… we’ve worked hard to add a little extra each month to our mortgage principle—even if it’s just $50. In the end, most years it’s added up to a full extra monthly payment.”

Think you think clearly?

May 15, 2017

By  via   Article

Think You Think Clearly? Think Again

“If you like to talk with pride about how you make ‘data-driven’ decisions, I have bad news for you. … I’d like to ask a question of all of you ‘highly analytical’ decision makers:

How do you adjust for the 175 cognitive biases that tend to push all human beings away from rational decisions?

… Since you are a rational, data-driven decision maker, I assume you have memorized all 175 and you have a unique and effective strategy for dealing with each one. But to refresh your memory, please just take a minute and mentally review your strategy for seven of them I’ve listed here (all taken from this Wikipedia page):

Automation bias: The tendency to depend excessively on automated systems which can lead to erroneous automated information overriding correct decisions.

Confirmation bias: The tendency to search for, interpret, focus on and remember information in a way that confirms one’s preconceptions.

Conjunction fallacy: The tendency to assume that specific conditions are more probable than general ones.

Empathy gap: The tendency to underestimate the influence or strength of feelings, in either oneself or others.

Illusory correlation: Inaccurately perceiving a relationship between two unrelated events.

Neglect of probability: The tendency to completely disregard probability when making a decision under uncertainty.

Overconfidence effect: Excessive confidence in one’s own answers to questions. For example, for certain types of questions, answers that people rate as “99% certain” turn out to be wrong 40% of the time.

You have compensation strategies for all seven, right? Just like you do for all 175, right? Wrong. You don’t, and neither do I. … The people who deride intuition as being too vulnerable to human biases have it all wrong. Intuition is our way of getting to the right

The people who deride intuition as being too vulnerable to human biases have it all wrong. Intuition is our way of getting to the right answers despite all our cognitive biases.

Intuition is what allows a scientist, analyst, or strategist to look at an overwhelming amount of data and say… this is what we can ignore for now so that we can focus on these other possibilities. It is an essential skill, given that we lack enough time and memory.

Does this mean that intuition is free from human biases? Of course not. But it is an extremely valuable tool in navigating those biases successfully.”

Leaders, leaders, everyone’s a leader

May 15, 2017

By  via   Article

The Blaming, Blocking, and Belittling Behavior Of Today’s So-Called Leaders

“As a business school dean, I am part of that educational system, yet I, too, am not a big fan of how overused, and misused, the L-word has become. When an alumnus vigorously argued to me early in my tenure that we should rename our school of management a school of leadership, he made me wonder if I was in the right job. I suddenly got this image of the character Barney, who entertained my children in their younger years, singing to everyone, ‘Leaders, leaders, everyone’s a leader . . .’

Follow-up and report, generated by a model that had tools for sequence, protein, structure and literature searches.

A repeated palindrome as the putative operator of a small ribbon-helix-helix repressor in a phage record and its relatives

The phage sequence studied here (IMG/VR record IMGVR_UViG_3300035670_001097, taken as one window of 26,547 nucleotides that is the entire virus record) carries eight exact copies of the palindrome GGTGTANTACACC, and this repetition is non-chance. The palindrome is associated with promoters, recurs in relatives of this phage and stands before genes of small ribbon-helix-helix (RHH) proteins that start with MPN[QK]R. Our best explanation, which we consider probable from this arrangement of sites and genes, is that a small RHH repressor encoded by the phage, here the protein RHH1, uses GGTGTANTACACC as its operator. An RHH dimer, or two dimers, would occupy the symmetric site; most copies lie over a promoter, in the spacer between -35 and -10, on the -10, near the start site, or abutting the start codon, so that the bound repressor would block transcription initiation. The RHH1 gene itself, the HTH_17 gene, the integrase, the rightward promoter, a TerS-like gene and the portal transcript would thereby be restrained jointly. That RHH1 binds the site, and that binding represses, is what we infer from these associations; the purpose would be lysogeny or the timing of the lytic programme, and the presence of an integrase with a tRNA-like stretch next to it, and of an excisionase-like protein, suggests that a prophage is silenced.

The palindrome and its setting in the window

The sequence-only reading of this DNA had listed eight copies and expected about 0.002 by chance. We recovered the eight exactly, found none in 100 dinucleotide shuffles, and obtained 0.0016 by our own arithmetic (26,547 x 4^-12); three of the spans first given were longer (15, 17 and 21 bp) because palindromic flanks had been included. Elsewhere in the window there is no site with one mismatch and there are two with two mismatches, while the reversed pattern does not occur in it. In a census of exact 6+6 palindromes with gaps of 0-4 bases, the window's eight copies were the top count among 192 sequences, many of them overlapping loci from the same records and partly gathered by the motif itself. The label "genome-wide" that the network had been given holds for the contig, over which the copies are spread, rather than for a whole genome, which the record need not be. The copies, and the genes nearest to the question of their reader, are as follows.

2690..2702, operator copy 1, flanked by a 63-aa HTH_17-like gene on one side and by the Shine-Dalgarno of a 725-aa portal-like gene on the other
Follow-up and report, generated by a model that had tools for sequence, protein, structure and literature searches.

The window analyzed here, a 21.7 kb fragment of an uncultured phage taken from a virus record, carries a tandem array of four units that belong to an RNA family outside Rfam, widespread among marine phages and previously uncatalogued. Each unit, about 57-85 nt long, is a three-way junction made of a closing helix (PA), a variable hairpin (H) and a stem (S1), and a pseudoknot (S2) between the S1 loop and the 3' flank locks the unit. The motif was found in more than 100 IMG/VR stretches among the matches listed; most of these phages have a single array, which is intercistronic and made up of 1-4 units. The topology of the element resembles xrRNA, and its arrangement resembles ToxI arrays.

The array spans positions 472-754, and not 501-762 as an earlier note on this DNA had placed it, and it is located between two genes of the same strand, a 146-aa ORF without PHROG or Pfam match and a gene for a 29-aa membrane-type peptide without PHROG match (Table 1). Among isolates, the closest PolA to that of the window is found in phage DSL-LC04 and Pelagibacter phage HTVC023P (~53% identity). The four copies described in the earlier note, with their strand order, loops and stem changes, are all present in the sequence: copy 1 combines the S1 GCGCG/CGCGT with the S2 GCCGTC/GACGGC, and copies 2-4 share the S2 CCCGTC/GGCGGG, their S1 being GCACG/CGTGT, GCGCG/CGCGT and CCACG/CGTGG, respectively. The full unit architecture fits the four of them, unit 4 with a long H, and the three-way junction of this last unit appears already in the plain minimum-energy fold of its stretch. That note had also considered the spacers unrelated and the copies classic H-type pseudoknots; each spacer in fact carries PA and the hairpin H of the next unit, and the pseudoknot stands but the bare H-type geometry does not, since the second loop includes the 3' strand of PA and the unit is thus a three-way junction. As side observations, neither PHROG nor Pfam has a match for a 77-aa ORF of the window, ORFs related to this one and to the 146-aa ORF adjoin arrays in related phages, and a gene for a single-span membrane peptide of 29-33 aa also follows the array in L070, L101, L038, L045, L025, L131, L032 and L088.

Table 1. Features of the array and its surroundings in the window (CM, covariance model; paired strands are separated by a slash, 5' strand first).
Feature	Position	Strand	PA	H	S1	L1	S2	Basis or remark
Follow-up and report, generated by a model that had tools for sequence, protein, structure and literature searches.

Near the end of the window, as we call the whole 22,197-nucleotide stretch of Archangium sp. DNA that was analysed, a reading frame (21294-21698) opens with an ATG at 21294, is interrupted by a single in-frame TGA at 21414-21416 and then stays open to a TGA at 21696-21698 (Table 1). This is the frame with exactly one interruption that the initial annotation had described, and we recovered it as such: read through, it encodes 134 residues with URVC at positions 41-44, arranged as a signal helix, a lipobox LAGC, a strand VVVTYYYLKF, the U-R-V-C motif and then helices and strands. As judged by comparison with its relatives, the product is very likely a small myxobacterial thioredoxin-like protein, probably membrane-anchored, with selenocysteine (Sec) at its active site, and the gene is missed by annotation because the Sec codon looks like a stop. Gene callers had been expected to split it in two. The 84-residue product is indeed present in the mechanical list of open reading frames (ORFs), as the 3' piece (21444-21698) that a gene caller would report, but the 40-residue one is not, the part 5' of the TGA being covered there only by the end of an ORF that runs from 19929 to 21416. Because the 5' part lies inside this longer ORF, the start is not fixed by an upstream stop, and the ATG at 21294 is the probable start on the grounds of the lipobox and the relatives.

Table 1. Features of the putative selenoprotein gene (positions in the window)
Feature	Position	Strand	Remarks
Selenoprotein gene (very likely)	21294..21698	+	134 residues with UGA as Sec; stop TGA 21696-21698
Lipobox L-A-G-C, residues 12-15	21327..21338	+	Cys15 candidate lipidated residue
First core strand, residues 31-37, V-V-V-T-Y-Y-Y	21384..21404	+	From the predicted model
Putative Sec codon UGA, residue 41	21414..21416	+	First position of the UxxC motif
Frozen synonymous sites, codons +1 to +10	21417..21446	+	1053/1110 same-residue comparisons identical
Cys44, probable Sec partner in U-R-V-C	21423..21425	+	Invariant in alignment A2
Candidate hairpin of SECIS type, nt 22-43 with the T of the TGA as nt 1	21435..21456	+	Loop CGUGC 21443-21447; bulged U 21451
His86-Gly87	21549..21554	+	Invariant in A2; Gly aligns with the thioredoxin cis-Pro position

… When used properly, at least in educational contexts, the word leadership now refers to high character, and the people who are leaders are those who think and act intentionally on behalf of the organizations and communities in which they live and work. They commit to using their lives to engage beyond the self, to engage in the call to human progress, by building up and strengthening the quality of human work and human organizations, rather than tearing them down.

The high character associated with true leadership can be demonstrated and lived anywhere in an organization or community; it’s not about rank or title. People can lead by example very powerfully at the lowest levels of an organization when they demonstrate true excellence in how they answer a phone, relay messages, or interact with every person who seeks their assistance. People can lead from the middle when they build strong, resilient work teams with healthy cultures and excellent performance. …

Now, we all make life confusing when we use the words leader and leadership sometimes to indicate high rank and sometimes high character. In the latter sense, I would argue, we are not seeing nearly enough leadership in action. Not on Wall Street, on Main Street, or on Pennsylvania Avenue.

Finger-pointing is not leadership behavior. Blocking appointments to the highest court in the land, which both parties have done or threatened to do within the last year, is not leadership behavior. Deliberately misstating the truth is not leadership behavior, nor is bounding your behavior by what’s legal but not thinking more deeply about what’s moral or just. Belittling, ridiculing, or ignoring those who think differently from how you do is not leadership behavior. And maximizing short-term profit and political gain at the expense of shared values and the long-term well-being of our country and world is definitely not leadership behavior.

So, while the word leadership may be overused today, we are still not seeing nearly enough of what it stands for. In my mind, excellence in character shouldn’t be optional for those fortunate enough to be selected or elected to lead from the top. And if we believe in the power of human progress, somebody has to model true leadership—that is, leadership in rank and in character—for the next generation. Way too many of today’s so-called leaders certainly aren’t doing that. So who is going to step up, and when? We are all waiting.”